Celebrating the success of the UWE Global Water Security Project

Students who took part in this summer’s UWE Global Water Security Project came together for a ‘Celebrating Success’ event on 20 November. The event, which was also attended by colleagues from partner organisations and UWE staff members, was a chance to reflect on another successful year for the project and learn more about the research projects undertaken by the students.

Following welcome remarks from Professor Chad Staddon, a short film was shown, produced by BA Media Culture and Practice student Melanie Vaxevanakis, one of six students who travelled to Uganda to work with the National Association of Professional Environmentalists. This team – which also included BSc Biomedical Science, BSc Geography, BSc Environmental Science and MEng Mechanical Engineering students – were researching the effects on human and environmental health from artisanal gold mining in Bukuya.

One of the students, Will Bickerton (BSc Environmental Science), is doing a six-month placement with NAPE and he joined the event by Skype. He talked about the impact of his research: he tested water in a borehole at a local school and found it had levels of contamination many times the safe limit, with the result that a new, safer supply has been created for the school.

There were presentations from BEng Civil and Environmental Engineering student Martin Georgiev, who worked with RMI in Swaziland, and Peter Covell (BA Architecture and Planning; right), who carried out research on step wells in Gujarat, India with the Samerth Trust.

Joe Denby and Alex Davies (BEng Civil and Environmental Engineering; right) presented a short film looking at their time in Kisoro, Uganda, where their research focused on analysing the structural integrity of ferro-concrete rainwater harvesting tanks.

A Q&A session followed, in which the students were asked questions by audience members. When asked if they would like to return to the country they visited, every student raised their hand.

Katie Alcott (FRANK Water) and Rebekah Rice (Bristol Water) then spoke about the importance of such opportunities, not only because it helps the host organisations and communities, but because the students benefit through new learning experiences, boosting their confidence, communication skills and employability. Both Katie and Rebekah had studied and worked abroad and the UWE Global Water Security Programme is keen to work with both their organisations, as well as the Pahar Trust who were also represented, to offer placements to UWE students in the years ahead.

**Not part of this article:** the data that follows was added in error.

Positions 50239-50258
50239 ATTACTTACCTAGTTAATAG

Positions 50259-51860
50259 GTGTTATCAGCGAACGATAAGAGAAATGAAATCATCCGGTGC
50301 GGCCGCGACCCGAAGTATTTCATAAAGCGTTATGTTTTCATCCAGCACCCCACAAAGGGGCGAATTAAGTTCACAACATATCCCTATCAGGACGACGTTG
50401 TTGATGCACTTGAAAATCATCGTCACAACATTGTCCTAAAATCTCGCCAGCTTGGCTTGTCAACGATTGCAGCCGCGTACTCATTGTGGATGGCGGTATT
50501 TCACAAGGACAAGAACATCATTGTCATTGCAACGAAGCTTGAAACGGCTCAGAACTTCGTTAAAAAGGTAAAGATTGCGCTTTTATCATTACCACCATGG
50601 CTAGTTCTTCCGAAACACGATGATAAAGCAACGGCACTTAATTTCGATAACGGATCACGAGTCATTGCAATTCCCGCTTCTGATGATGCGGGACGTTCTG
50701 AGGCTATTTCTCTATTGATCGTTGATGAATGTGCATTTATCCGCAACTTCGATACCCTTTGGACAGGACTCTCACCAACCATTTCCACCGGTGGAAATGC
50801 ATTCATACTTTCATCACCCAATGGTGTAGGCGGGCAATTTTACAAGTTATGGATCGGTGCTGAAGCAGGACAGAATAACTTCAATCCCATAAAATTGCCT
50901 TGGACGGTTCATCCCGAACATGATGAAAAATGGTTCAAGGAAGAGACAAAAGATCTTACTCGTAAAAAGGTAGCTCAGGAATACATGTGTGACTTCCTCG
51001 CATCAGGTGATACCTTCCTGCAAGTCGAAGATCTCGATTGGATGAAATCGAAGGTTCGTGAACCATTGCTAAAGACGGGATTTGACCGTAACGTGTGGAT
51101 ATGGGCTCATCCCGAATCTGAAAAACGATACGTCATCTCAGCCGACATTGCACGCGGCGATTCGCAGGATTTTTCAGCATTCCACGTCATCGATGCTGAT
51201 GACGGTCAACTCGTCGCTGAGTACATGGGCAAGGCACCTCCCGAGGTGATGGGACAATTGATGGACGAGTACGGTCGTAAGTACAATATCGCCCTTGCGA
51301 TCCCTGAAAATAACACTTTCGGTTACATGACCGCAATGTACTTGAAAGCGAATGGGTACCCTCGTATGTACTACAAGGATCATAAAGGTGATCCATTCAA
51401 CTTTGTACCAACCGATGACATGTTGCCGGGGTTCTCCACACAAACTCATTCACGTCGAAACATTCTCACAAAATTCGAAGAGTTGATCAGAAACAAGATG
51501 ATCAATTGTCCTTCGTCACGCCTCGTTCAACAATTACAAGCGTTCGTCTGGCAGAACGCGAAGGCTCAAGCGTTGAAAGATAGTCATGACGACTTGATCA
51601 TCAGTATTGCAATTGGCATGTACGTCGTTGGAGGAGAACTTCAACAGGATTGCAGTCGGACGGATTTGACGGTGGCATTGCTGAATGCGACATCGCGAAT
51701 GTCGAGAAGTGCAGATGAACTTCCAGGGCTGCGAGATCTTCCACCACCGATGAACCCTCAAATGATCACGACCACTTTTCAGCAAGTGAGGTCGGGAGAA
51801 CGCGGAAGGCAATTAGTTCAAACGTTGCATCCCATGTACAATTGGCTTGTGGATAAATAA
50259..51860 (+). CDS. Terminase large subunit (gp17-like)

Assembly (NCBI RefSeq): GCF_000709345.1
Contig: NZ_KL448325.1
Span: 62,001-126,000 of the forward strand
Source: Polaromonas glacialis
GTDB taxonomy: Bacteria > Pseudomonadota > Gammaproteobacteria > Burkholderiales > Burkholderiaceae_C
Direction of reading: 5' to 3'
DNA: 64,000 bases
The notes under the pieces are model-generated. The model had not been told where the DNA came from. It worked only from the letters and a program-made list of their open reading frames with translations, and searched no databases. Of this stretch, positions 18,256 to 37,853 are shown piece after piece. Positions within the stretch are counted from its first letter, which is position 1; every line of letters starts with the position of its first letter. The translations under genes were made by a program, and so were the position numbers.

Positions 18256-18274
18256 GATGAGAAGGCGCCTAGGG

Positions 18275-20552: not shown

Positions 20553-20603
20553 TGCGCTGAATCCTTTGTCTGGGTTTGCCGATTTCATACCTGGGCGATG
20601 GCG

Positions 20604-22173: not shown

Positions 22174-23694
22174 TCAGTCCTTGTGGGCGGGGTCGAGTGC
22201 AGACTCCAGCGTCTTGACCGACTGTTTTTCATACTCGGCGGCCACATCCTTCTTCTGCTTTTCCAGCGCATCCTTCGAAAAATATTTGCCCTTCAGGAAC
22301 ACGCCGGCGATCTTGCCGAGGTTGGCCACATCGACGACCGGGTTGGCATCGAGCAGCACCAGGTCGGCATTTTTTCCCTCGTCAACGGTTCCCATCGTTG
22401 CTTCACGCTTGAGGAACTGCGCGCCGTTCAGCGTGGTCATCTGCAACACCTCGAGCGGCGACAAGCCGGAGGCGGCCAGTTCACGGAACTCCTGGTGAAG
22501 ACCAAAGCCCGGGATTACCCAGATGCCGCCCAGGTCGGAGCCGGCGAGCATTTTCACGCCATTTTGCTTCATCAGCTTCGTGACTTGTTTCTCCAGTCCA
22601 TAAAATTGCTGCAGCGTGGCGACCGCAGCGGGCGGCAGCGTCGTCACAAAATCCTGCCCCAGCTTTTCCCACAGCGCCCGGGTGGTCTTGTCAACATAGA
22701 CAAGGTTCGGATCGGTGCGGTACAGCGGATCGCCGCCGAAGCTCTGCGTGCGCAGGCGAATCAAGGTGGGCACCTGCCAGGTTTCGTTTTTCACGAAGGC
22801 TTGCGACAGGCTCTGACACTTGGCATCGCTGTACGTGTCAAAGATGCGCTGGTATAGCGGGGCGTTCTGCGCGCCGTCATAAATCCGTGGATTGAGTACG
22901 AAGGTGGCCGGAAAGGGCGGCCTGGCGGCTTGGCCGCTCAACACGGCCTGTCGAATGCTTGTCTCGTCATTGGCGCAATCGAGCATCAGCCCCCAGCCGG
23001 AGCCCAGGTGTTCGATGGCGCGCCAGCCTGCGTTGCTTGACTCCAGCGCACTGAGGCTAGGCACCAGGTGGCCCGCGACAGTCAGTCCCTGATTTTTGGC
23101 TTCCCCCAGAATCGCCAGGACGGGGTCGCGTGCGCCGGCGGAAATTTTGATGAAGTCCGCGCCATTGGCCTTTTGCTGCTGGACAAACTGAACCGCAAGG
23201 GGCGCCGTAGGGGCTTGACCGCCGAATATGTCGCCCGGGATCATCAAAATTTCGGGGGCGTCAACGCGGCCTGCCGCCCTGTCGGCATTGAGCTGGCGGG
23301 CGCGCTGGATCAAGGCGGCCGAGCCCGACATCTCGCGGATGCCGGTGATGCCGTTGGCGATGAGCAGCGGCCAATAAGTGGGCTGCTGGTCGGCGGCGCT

The event closed with some words from Professor Paul Olomolaiye, Pro Vice-Chancellor and Executive Dean of the Faculty of Environment and Technology, who was a key inspiration for, and supporter of, this project when it was founded in 2012. He praised the students for their “amazing” work, and said that many of the children and others they met will remember them for years to come.

Since 2012, 34 students have travelled to partner organisations in Uganda, Kenya, Swaziland, South Africa, India, Peru and Nigeria to conduct water research as part of this project. These students have gone on to work for a wide range of employers, including WaterAid, The Converging World, Organic Farmers & Growers Ltd, National Trust, International Trade and Development (Itad), Hilton Hotels (as Energy and Environment Intern), Wall Street English Vietnam, Bristol City Council and Market Operator Services Limited.